Who should come into view down the hallway but two more skeletons, carrying an inert pile of bones between them, ready to incarnate another worshiper. The thief takes one down with a backstab + natural 20 clutch roll. The cleric turns the other skeleton who begins shambling away. "Gimme your bow," says the warrior to the cleric. By the time the warrior has an arrow nocked, the skeleton is nearly out of sight. She shoots. By gosh, another natural 20!

And it was time to call it a day.

Sunday, October 26, 2014

[Preview Map] Lastward Town Map

I'm writing an adventure module called "Entry Level" for the Dungeonteller FRPG and this is the local map. You can find the town of Lastward on the Quibble March map from Big Hexyland. As usual, there will be a matching node version of the map too.

Sunday, October 19, 2014

Dungeonteller Witch Class Now Available as Free PDF

As promised, I'm giving away the first ever expansion class for my Dungeonteller fantasy RPG. The witch PDF includes a two page character record and a page describing her initial cool powers and potential power-ups. This hero class can interfere with the Luck mechanic of her foes in the form of curses and hexes, as well as casting some charms on herself. And she comes with a broomstick and a black cat, of course.
Available here for download.

Saturday, October 18, 2014

[Actual Play OD&D] Non-canon Kobolds and a Jail Break

DMing for newbies is such fun. This is a little update to this post about starting a Holmes blue book campaign for some middle-schoolers.

The PCs are all first level. Wizard, cleric, thief, and fighter.

The wizard and the thief are street urchins living in a dilapidated warren on the outskirts of town, under the tutelage of a Fagin-like crime boss who also happens to be the thief's mom. The PCs wake one morning to find every adult in the town turned to stone. 

The cleric shows up. She's an elf who has been sent by her mother superior to investigate a disturbance in the force the natural order and deal with it as a test to earn her holy orders. She finds the wizard and the thief and they agree to, yes, team up.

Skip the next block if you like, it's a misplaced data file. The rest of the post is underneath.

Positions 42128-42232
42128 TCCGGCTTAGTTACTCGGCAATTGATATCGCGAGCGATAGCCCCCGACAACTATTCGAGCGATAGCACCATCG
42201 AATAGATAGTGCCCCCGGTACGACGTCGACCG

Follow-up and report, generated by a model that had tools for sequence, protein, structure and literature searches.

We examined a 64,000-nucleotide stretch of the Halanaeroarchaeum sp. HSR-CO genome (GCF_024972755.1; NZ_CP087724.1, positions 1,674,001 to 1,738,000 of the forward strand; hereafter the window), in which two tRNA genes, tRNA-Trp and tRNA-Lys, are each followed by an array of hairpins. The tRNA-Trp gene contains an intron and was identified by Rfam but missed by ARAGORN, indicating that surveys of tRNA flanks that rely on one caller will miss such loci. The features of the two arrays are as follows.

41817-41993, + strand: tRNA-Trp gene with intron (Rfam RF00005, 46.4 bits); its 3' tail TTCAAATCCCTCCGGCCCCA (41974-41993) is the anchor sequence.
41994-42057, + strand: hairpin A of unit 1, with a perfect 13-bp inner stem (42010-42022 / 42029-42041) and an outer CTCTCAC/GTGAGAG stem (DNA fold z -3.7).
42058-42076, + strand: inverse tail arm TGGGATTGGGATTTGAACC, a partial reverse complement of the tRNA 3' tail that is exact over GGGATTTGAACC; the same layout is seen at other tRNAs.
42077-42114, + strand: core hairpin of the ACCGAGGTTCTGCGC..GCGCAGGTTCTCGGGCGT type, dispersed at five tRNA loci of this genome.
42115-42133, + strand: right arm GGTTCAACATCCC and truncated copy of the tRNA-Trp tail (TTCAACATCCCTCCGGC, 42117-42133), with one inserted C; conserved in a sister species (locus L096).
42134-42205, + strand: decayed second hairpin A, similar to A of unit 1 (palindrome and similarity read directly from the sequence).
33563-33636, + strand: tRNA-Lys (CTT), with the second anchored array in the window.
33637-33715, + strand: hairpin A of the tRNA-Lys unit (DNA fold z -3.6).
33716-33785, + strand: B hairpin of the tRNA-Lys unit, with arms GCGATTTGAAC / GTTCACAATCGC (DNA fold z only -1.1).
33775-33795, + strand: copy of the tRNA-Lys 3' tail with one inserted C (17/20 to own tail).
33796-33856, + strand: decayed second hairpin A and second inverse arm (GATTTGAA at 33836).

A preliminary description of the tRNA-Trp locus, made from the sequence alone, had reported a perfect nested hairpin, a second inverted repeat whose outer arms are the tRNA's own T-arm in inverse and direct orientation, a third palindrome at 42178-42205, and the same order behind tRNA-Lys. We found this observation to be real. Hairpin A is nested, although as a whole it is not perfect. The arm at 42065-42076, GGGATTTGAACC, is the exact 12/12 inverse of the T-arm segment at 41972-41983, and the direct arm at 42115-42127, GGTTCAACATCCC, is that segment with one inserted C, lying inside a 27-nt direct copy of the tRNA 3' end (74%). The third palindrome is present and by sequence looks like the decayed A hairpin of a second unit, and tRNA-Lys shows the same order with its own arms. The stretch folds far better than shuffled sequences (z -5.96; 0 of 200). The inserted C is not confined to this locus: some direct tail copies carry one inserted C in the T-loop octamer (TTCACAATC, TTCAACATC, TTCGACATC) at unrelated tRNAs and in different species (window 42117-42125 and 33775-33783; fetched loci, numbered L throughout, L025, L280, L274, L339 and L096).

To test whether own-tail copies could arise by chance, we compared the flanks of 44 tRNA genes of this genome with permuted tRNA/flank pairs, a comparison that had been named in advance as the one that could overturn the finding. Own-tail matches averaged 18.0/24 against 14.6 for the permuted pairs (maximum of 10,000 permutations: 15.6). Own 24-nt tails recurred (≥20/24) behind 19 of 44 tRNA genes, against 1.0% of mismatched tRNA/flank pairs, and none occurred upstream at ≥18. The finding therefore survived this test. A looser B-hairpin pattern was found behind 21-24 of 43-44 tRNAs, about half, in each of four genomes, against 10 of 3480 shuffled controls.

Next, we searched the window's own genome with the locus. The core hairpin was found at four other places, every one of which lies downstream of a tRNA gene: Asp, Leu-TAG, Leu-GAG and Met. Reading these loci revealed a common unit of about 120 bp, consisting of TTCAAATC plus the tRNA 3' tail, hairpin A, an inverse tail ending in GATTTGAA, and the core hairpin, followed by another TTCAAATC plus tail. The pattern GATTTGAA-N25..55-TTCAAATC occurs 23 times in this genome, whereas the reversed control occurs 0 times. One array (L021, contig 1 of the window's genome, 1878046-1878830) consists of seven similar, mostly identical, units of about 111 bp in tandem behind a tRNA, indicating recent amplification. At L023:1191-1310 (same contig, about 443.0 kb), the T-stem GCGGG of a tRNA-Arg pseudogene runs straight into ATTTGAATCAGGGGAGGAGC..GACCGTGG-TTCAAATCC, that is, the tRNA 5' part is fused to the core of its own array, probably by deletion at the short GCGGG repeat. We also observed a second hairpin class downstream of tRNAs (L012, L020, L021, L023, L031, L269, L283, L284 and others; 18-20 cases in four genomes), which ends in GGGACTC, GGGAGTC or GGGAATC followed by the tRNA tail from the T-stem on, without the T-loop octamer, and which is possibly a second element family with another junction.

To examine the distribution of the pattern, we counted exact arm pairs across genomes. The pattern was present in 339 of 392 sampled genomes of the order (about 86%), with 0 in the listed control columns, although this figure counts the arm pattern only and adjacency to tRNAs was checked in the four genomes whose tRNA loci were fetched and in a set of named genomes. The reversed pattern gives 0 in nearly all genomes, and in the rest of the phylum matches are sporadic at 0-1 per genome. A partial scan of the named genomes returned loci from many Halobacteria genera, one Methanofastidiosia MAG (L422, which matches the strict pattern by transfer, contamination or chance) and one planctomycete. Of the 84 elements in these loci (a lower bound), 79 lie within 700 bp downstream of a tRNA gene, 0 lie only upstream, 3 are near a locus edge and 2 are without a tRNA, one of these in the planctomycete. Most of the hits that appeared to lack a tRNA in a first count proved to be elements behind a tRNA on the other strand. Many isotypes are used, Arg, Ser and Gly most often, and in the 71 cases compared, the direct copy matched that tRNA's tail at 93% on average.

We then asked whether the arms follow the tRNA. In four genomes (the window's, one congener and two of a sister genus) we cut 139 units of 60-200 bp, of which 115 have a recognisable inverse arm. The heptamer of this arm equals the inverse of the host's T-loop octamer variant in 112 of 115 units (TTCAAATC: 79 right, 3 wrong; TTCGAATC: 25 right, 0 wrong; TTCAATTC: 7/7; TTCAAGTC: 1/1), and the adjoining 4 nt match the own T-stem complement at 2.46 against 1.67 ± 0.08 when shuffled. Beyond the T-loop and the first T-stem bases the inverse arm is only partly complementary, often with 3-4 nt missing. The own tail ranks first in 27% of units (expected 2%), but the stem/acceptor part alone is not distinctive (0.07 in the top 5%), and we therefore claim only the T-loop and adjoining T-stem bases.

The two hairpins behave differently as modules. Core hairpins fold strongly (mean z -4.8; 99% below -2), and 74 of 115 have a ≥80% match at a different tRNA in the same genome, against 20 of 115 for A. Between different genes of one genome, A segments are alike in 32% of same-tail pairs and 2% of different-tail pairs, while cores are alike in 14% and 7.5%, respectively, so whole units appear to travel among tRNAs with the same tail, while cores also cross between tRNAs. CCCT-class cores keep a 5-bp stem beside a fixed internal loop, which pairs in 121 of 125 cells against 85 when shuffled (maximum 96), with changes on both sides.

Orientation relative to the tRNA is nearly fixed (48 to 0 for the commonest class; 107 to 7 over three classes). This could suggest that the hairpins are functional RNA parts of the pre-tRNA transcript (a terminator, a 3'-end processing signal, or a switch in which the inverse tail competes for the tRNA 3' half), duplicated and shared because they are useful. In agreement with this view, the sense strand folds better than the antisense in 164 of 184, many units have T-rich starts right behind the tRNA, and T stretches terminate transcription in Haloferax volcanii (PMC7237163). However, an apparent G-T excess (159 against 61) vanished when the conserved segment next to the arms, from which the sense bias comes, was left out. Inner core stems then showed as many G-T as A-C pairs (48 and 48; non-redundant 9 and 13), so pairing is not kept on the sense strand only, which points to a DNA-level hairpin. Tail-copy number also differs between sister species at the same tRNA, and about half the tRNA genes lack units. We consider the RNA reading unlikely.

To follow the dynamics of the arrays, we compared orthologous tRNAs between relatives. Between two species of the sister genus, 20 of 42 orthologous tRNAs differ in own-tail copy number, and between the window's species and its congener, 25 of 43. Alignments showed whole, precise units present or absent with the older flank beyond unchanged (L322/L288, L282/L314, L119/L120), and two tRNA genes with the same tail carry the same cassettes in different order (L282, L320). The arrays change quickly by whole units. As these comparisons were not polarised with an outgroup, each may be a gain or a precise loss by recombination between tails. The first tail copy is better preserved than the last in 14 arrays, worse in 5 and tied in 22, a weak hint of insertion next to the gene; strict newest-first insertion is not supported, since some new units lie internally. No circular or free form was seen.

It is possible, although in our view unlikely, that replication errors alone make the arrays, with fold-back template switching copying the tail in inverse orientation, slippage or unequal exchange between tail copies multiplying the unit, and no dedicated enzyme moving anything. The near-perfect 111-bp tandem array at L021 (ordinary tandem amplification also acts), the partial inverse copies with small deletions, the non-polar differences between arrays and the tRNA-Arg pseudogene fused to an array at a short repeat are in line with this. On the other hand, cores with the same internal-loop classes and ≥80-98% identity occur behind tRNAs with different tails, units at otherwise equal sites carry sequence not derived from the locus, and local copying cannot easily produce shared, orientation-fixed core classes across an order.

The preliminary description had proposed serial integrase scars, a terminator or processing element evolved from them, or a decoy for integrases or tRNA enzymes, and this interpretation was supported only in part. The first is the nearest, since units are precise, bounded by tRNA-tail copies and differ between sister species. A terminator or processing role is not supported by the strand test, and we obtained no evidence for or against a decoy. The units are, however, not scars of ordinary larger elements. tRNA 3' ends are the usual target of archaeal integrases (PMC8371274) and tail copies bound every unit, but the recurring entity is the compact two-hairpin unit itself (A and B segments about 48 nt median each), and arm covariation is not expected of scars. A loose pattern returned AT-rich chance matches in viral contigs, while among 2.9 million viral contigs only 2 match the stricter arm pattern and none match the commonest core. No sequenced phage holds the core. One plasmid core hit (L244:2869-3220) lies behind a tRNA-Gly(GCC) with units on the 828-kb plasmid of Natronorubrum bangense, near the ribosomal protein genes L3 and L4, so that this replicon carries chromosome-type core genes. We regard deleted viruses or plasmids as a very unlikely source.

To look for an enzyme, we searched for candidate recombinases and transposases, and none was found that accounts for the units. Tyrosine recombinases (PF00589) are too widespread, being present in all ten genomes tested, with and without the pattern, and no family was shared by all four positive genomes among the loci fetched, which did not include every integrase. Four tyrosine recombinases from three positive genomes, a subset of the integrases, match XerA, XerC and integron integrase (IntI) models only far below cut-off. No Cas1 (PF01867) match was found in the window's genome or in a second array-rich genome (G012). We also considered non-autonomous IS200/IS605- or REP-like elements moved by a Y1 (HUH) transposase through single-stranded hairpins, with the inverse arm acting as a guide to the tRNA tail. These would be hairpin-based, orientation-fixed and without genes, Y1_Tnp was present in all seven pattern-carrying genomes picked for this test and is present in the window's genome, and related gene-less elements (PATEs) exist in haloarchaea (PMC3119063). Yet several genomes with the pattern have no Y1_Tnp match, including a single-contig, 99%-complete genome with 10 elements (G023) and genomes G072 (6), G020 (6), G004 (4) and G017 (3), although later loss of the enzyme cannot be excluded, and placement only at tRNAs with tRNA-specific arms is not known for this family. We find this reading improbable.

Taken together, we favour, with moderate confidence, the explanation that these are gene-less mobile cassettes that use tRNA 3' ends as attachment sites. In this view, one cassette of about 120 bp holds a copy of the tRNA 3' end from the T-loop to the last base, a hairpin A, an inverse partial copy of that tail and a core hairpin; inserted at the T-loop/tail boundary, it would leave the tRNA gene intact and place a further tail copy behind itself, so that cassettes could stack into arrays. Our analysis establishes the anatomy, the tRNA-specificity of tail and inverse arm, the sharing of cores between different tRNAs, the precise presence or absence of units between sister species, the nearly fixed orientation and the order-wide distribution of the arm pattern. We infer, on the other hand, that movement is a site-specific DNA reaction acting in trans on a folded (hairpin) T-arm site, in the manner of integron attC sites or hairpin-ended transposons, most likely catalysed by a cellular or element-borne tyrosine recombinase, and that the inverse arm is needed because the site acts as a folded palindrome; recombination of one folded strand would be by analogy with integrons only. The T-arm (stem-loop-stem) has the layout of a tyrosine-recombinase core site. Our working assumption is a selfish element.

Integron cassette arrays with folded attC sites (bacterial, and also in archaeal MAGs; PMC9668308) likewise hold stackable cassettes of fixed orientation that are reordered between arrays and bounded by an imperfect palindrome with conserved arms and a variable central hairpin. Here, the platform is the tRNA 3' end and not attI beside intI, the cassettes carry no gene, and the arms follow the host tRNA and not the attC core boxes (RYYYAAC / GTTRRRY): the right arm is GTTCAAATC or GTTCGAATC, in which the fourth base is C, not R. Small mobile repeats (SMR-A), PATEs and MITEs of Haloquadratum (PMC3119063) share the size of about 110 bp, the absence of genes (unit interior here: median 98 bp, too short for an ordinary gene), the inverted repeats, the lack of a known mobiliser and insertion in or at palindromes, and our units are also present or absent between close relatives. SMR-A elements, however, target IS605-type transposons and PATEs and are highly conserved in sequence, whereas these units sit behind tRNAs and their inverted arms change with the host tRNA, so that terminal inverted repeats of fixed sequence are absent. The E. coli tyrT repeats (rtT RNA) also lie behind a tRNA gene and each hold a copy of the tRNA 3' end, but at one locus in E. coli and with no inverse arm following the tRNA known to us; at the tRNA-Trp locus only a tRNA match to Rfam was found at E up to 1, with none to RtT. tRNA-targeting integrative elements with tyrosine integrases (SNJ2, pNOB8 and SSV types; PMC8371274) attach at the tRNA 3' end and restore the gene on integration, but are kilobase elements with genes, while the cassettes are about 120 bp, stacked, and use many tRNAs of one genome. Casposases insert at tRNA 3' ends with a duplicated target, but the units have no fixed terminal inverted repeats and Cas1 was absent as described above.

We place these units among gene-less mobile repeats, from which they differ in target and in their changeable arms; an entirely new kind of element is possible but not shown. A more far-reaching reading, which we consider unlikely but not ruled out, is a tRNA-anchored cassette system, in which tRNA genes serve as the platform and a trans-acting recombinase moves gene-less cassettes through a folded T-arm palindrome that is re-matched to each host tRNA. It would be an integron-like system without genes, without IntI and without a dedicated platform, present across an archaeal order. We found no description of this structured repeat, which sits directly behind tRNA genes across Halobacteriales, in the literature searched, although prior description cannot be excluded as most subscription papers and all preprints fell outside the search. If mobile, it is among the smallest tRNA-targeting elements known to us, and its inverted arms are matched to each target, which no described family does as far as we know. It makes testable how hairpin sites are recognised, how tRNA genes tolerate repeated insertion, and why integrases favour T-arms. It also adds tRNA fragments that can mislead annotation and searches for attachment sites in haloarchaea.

Making a recon of the town, they find that the only thing out of place is that someone has smashed one of three statues topping the town fountain -- a monument to a trio of heroes who saved the town from destruction a hundred years ago.

"Hoooey! Ahoy there!" calls out a voice from afar. They look out into the harbor to see a wizened figure of a man waving from the barred window of the tiny town lockup, which is on a rock in the harbor. They come to within comfortable shouting distance, and he introduces himself as Corvax, a wizard who was none other than one of the three legendary town heroes commemorated in the town monument. When the statues had been built, he placed a spell on them so that if evil stirred again, any of the three heroes still alive would be teleported to the spot, the release of powerful magic shattering the statue in the process. Unfortunately no one in the town these days remembers that little detail, so the guards arrested Corvax for being a crazy old vandal and locked him up,  despite his dire warnings.

"And whatever this evil is has turned the people to stone?" asks the cleric.